ArchDaily | Broadcasting Architecture Worldwidethe world's most visited architecture website

Villa Boreale / CARGO Architecture

  • 09:00 - 23 March, 2016
Villa Boreale / CARGO Architecture
Villa Boreale  / CARGO Architecture, © Dave Tremblay
© Dave Tremblay

© Dave Tremblay © Dave Tremblay © Dave Tremblay © Dave Tremblay +17

© Dave Tremblay
© Dave Tremblay

From the architect. The Villa Boréale is a charming contemporary residence located in Charlevoix, an eastern region of the Quebec Province well known for its wooded valleys, skiable mountains and breathtaking points of view. At the heart of the boreal forest, the Villa is set on a sloped and private site, matching up nicely with the ubiquitous vegetation of the surroundings.

© Dave Tremblay
© Dave Tremblay

The clients, a dynamic young couple in their early thirties, approached the CARGO Architecture team in order to find an architect who could assist them throughout the construction process. The collaboration then begun by finding the ideal site within the Municipality of Petite-Rivière-St-François and near the ski center Le Massif. Being involved as early in the process, the architect was able to adequately inform his clients about the different aspects to be considered and future impacts of the site choice in the development of the project. The team chose to work on a wooded area at mounting foot, well oriented, with a great potential for intimacy.

© Dave Tremblay
© Dave Tremblay

The project’s design comes from a global vision: A Scandinavian inspiration, a cottage with clean lines, a modern barn. The materials in their raw appearance influenced the general concept, as well as pale tones and natural textures such as wood, concrete and the white color. The black metal cladding also creates an impressive contrast that highlights the smooth matte finish of the steel and the natural grain of the Eastern white cedar. Moreover, as the entrance to the site is significantly higher than the house floor level, the choice of installing the same black metal cladding on the roof became clear, in order to provide a neat signage at first glance.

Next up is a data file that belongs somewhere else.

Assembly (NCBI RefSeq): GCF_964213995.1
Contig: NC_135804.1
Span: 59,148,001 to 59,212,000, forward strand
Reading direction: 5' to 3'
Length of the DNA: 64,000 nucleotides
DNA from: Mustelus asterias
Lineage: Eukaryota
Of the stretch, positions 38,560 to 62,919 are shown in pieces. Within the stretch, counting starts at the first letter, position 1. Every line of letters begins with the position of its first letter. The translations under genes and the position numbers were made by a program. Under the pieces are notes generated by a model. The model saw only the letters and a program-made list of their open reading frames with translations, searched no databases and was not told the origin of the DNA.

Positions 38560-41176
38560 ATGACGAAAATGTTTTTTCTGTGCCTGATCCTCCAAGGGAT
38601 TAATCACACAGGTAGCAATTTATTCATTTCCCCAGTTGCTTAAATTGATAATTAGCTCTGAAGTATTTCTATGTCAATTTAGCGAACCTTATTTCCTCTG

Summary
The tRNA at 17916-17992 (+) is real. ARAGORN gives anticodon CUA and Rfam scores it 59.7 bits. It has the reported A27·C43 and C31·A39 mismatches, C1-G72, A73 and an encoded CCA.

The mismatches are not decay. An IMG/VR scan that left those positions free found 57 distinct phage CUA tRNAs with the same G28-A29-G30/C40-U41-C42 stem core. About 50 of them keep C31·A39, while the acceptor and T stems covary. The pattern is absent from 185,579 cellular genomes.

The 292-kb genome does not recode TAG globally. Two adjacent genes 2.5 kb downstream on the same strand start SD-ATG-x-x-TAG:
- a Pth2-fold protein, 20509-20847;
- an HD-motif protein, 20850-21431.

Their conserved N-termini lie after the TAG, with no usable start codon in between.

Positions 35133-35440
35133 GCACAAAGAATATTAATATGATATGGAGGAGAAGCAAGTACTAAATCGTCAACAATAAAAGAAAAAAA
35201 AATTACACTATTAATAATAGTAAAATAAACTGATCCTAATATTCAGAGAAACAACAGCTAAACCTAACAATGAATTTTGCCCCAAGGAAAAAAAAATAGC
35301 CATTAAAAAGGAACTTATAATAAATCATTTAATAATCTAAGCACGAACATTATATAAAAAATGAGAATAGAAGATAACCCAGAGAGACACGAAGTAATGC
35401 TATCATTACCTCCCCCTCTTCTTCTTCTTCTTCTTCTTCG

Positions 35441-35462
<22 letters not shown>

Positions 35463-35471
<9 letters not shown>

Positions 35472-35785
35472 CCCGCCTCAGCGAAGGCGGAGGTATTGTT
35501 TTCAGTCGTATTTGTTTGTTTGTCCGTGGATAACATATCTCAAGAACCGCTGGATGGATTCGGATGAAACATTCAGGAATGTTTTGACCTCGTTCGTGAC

© Dave Tremblay
© Dave Tremblay

Throughout the design, the site was quickly revealed as a powerful element of the project. By choosing carefully the location and size of each window, external views were highlighted, and the atmosphere created by natural light is pleasant throughout the whole day. As for the position of the large sliding door, it was “ pushed “ toward the main interior open space with the intention of subtly separating the internal functions while creating a outside protected space. All these intentions ultimately aim to capture the essence of this project: the surrounding nature and wildlife.

© Dave Tremblay
© Dave Tremblay

Regarding the program, the objective to offer a total of 14 sleeping places and three bathrooms was respected, despite the constraints of floor area, thus requiring an intelligent and vigilant drafting work. The interior spaces have been designed to simplify circulation while providing a sense of grandeur. The mezzanine also offers a lot of flexibility in terms of functions: it is a master bedroom, a playroom for kids, a reading corner, a quiet place to nurse a young baby, etc. A fourth bathroom could even be integrated, in a later phase. 

© Dave Tremblay
© Dave Tremblay

The Villa Boréale really is a touristic housing project that can adapt over time, if the clients’ needs were to change. That wise approach of flexibility represents a cornerstone of the practice of CARGO Architecture. The Architect also designed the project keeping in mind the business aspect of the operation, since the clients were looking to maximise the return on their investment via renting (Airbnb, villaboreale.com and other websites).

© Dave Tremblay
© Dave Tremblay

Finally, the house can be described as a home in harmony with the natural context of the boreal forest, and a clear symbol of a contemporary vision of the Quebec cottage: light, nature, purity and simplicity.

© Dave Tremblay
© Dave Tremblay
Cite: "Villa Boreale / CARGO Architecture" 23 Mar 2016. ArchDaily. Accessed . <http://www.archdaily.com/784119/villa-boreale-cargo-architecture/>